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An open letter to the Prime Minister of Canada

An open letter to the Prime Minister of Canada
from a survivor of the Hiroshima A-Bombing

The Right Honourable Justin Trudeau Prime Minister of Canada
Office of the Prime Minister
80 Wellington Street
Ottawa, ON K1A 0A2

Dear Prime Minister Trudeau:

As a Hiroshima survivor, I was honoured to jointly accept the Nobel Peace Prize in 2017 on behalf of the International Campaign to Abolish Nuclear Weapons. With the approaching 75th anniversary of the atomic bombings of Hiroshima and Nagasaki on August 6th and 9th, I have written to all the heads of state across the world, asking them to ratify the UN Treaty on the Prohibition of Nuclear Weapons, and I ask the same of our government.

After I married my husband, James Thurlow, and first moved to Canada in 1955, I often wondered what involvement Canada had in the development of the atom bombs that caused, by the end of 1945, the deaths of over 140,000 people in Hiroshima, 70,000 in Nagasaki and horrendous devastation and injuries that I personally witnessed as a thirteen-year old girl. It truly was hell on earth.

I hope you will be able to ask one of your assistants to examine the enclosed document, “Canada and the Atom Bomb” and to report on its contents to you.

The main points of the document are that Canada, the United States and the United Kingdom — as wartime allies during World War II — had not only completely integrated their production of conventional armaments. Canada was also a direct major participant in the Manhattan Project which developed the uranium and plutonium atom bombs dropped on Japan. This direct involvement operated at the highest Canadian political and governmental organizational level.

When Prime Minister Mackenzie King hosted President Roosevelt and British Prime Minister Winston Churchill in Quebec City in August of 1943, and they signed the Quebec Agreement for the joint development of the atom bomb, the Agreement — in Mackenzie King’s words — “made Canada also a party to the development.”

For the 75th anniversary of the atomic bombings of Hiroshima and Nagasaki on August 6th and 9th, I am respectfully requesting that you acknowledge Canada’s involvement in and contributions to the two atomic bombings and issue a statement of regret on behalf of the Canadian Government for the immense deaths and suffering caused by the atom bombs that utterly destroyed two Japanese cities.

This direct Canadian Government involvement (described in the attached research document) consisted of the following:

—Mackenzie King’s most powerful minister, C.D. Howe, the Minister of Munitions and Supply, represented Canada on the Combined Policy Committee established to co- ordinate the joint efforts of the United States, the United Kingdom and Canada to develop the atom bomb.

—C.J. Mackenzie, President of the National Research Council of Canada, represented Canada on a technical subcommittee set up by the Combined Policy Committee to co- ordinate the work of scientists working on Canadian projects with their colleagues in the United States.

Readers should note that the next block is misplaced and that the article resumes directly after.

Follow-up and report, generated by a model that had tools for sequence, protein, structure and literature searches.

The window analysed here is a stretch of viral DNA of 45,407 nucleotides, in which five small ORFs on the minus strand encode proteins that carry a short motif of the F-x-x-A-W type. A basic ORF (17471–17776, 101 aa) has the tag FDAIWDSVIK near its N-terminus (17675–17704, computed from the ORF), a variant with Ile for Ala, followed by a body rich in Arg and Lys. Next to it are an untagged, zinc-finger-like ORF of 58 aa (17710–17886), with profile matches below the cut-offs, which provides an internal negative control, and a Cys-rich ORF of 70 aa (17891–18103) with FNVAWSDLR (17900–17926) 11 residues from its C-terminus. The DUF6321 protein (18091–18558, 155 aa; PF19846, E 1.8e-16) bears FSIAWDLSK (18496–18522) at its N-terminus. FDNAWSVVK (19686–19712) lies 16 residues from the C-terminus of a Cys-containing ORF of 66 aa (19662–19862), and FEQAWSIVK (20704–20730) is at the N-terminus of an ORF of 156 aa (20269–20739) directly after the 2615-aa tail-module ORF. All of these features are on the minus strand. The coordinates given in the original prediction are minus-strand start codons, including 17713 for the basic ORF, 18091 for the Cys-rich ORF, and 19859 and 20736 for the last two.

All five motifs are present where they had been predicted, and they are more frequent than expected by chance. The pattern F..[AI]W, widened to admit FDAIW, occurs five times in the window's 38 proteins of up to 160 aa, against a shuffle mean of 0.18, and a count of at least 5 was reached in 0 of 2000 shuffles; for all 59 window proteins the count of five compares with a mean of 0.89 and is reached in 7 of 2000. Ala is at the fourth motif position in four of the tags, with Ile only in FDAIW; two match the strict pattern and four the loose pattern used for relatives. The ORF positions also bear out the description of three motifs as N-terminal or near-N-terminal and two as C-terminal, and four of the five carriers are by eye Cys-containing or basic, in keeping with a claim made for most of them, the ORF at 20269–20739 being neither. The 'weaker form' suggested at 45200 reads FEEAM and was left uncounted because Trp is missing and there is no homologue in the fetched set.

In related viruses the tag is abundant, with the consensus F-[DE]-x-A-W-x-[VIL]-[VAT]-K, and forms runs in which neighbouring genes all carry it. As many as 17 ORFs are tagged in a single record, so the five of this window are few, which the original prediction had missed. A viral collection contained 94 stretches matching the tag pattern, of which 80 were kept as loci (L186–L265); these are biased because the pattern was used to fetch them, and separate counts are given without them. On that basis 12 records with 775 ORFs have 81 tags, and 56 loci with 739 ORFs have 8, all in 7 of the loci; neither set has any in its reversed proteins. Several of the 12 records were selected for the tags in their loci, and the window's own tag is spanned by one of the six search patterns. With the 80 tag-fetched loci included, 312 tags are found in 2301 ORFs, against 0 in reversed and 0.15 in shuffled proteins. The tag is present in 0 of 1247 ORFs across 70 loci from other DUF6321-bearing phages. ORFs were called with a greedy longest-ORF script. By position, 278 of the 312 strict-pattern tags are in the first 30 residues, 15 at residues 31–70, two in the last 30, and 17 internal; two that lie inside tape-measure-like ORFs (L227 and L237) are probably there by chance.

—The National Research Council of Canada designed and built nuclear reactors at its Montreal Laboratory and at Chalk River, Ontario, beginning in 1942 and 1944, and forwarded their scientific discoveries to the Manhattan Project.

—Eldorado Gold Mines Limited began supplying tons of uranium ore from its mine on Great Bear Lake in the Northwest Territories to British scientists as well as to American physicists investigating nuclear fission at Columbia University in New York in October of 1939.

—When Enrico Fermi succeeded in creating the world’s first self-sustaining nuclear chain reaction at the University of Chicago on December 2, 1942, he used Canadian uranium from Eldorado.

—On the advice of C.J. Mackenzie and C.D. Howe, a secret Order in Council on July 15, 1942, allocated $4,900,000 [$75,500,000 in 2020 dollars] for the Canadian Government to buy sufficient Eldorado stock to have effective control of the company.

—Eldorado signed exclusive contracts with the Manhattan Project in July and December of 1942 for 350 tons of uranium ore and later an additional 500 tons.

—The Canadian Government nationalized Eldorado Mining and Refining Limited in January of 1944 and converted the company into a Crown Corporation to secure Canadian uranium for the Manhattan Project. C.D. Howe stated that “government action in taking over the Eldorado Mining and Smelting Company was part of the atomic [bomb] development program.”

—Eldorado’s refinery in Port Hope, Ontario, was the only refinery in North America capable of refining the uranium ore from the Belgian Congo, the bulk of which (along with Canadian uranium) was used in the manufacture of the Hiroshima and Nagasaki atom bombs.